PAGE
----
I am working on the review  of the brand new carbine from Hi-Point in .380 Automatic.  I have been trying to wrap my head around the reasoning behind a .380 Auto carbine when they already make a carbine in 9mm Luger. After the first trip to the range I am starting to understand the premise so I thought it was a good idea to do a ballistic test using popular defensive ammunition and compare that to a small .380 Auto handgun as well as the 9mm Luger carbine.

Suffice it to say there is a great reduction in recoil when going from the 9mm Luger to the .380 Auto in the carbine. There will be more details on the merits of the new .380 Auto carbine in the review but for now we will concentrate on the ballistic test.

380 auto ballistic with carbine

The above chart is a direct comparison from the .380 Auto Diamondback handgun with a 2.8″ barrel vs the Hi-Point carbine with a 16.5″ barrel.

If you are curious how the .380 carbine stacks up against the 9mm Luger carbine, follow this link to see that ballistic test. As for the .45 Automatic pistol vs carbine ballistic test can be found here

BT PvsC-3

Here are the recovered bullets on top of their respected boxes. The Hornady Critical Defense are on the far left of the American Gunner box. The top bullet was shot into bare gel and the bottom bullet into three layers of denim like cloth.  Left bullets were shot from the carbine and right from the pistol. More photos on the .380 bullets recovered that were shot from the Diamondback can be found here.  I apologize for the large number of links but I am trying to provide you with plenty of information on these ballistic tests.

If you have a .380 Auto pistol and have a collection of self defense ammunition the Hi-Point carbine really adds performance to the same round, adding a longer sight radius, and the ability to add accessories.  The carbine had no trouble feeding any of these rounds throughout ballistic and accuracy testing and even added some validity to under performing .380 defensive ammunition from the test pistol. So I am optimistic on this new carbine but we will see when I really put the screws to it and see how it holds up.




Ruger Ammunition 

Winchester Ammunition 



By Hunter Elliott

I spent much of my youth involved with firearms and felt the call early on to the United States Marine Corps, following in my father's and his brother's footsteps. Just after high school I enlisted and felt most at home on the rifle range, where I qualified expert with several firearms and spent some time as a rifle coach to my fellow Marines. After being honorably discharged I continued teaching firearm safety, rifle and pistol marksmanship, and began teaching metallic cartridge reloading. In the late 1990s I became a life member to the National Rifle Association and worked with the Friends of the NRA. Around that time my father and I became involved with IDPA and competed together up until he passed away. I began reviewing firearms for publications in the mid 2000s and have been fortunate to make many friends in the industry. Continuing to improve my firearms skills and knowledge is a never ending journey in which we should all be committed. I am also credited as weapons master on a few independent films.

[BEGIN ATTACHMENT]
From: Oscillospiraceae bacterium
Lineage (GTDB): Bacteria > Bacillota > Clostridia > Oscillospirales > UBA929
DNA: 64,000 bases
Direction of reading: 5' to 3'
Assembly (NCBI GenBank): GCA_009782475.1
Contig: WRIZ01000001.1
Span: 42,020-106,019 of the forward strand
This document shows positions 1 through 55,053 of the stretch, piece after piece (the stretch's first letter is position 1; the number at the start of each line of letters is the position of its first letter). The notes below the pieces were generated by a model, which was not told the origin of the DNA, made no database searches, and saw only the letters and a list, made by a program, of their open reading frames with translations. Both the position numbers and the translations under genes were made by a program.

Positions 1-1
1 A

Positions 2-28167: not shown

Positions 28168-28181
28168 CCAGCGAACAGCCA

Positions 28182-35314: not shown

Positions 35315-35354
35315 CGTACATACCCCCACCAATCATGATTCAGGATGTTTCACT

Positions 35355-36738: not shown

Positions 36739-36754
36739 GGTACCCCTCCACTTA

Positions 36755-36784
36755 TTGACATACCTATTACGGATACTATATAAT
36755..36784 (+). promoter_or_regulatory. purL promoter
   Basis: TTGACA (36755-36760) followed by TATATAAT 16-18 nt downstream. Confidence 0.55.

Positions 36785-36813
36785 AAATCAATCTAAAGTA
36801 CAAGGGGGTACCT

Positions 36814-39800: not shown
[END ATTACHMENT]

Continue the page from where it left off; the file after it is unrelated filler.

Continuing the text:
7 thoughts on “.380 Auto pistol vs carbine”
  1. I think accuracy tests beyond belly range might show a real benefit in using the carbines for those with less than hawk like vision or steady hands?

    1. I agree 100%. In the review I am going to test the carbine at 25 and 100 yards to see the difference and compare that to the 25 yard test from a small handgun in .380 Auto.

      1. I am awaiting delivery here soon. I’ve had a Beretta 84FS since 1993. I never even knew there was a rifle for the caliber until a few weeks ago. I’ve had a 357 and sold it as nothing matches the 84 in terms of comfort or accuracy. And with JHP improvements over the years, 380 is a truly viable caliber. My go to rifle has been a mini 14. As a former and always Marine, and the last to go through boot with an M14, I’ve always viewed 5.56 as a compromise. So, I’m doing a total switch. For short range, I’m going with the 380 combo Beretta/Hi-point and for long range I’m going to finally get an M1A scout and just cut to the chase. I’ve got other weapons, but this will be my shtf set up. This little carbine has great reviews particularly around reliability. And with 5 mags, 2 on the frame one in and 2 in pouches I will be good to go.. Yes, I know all the arguments, blah blah, but I shot expert in the suck and can make cans dance with the 84FS. FOR ME, this is da bomb. AND I might even get a pink one for her at the price and be at about a third of the M1A, my beast. I can’t wait.

  2. Also of note is that in many South American countries, pistol calibers above .380 acp are verboten. So this might explain Hi Point ’s venturing into the 380 territory

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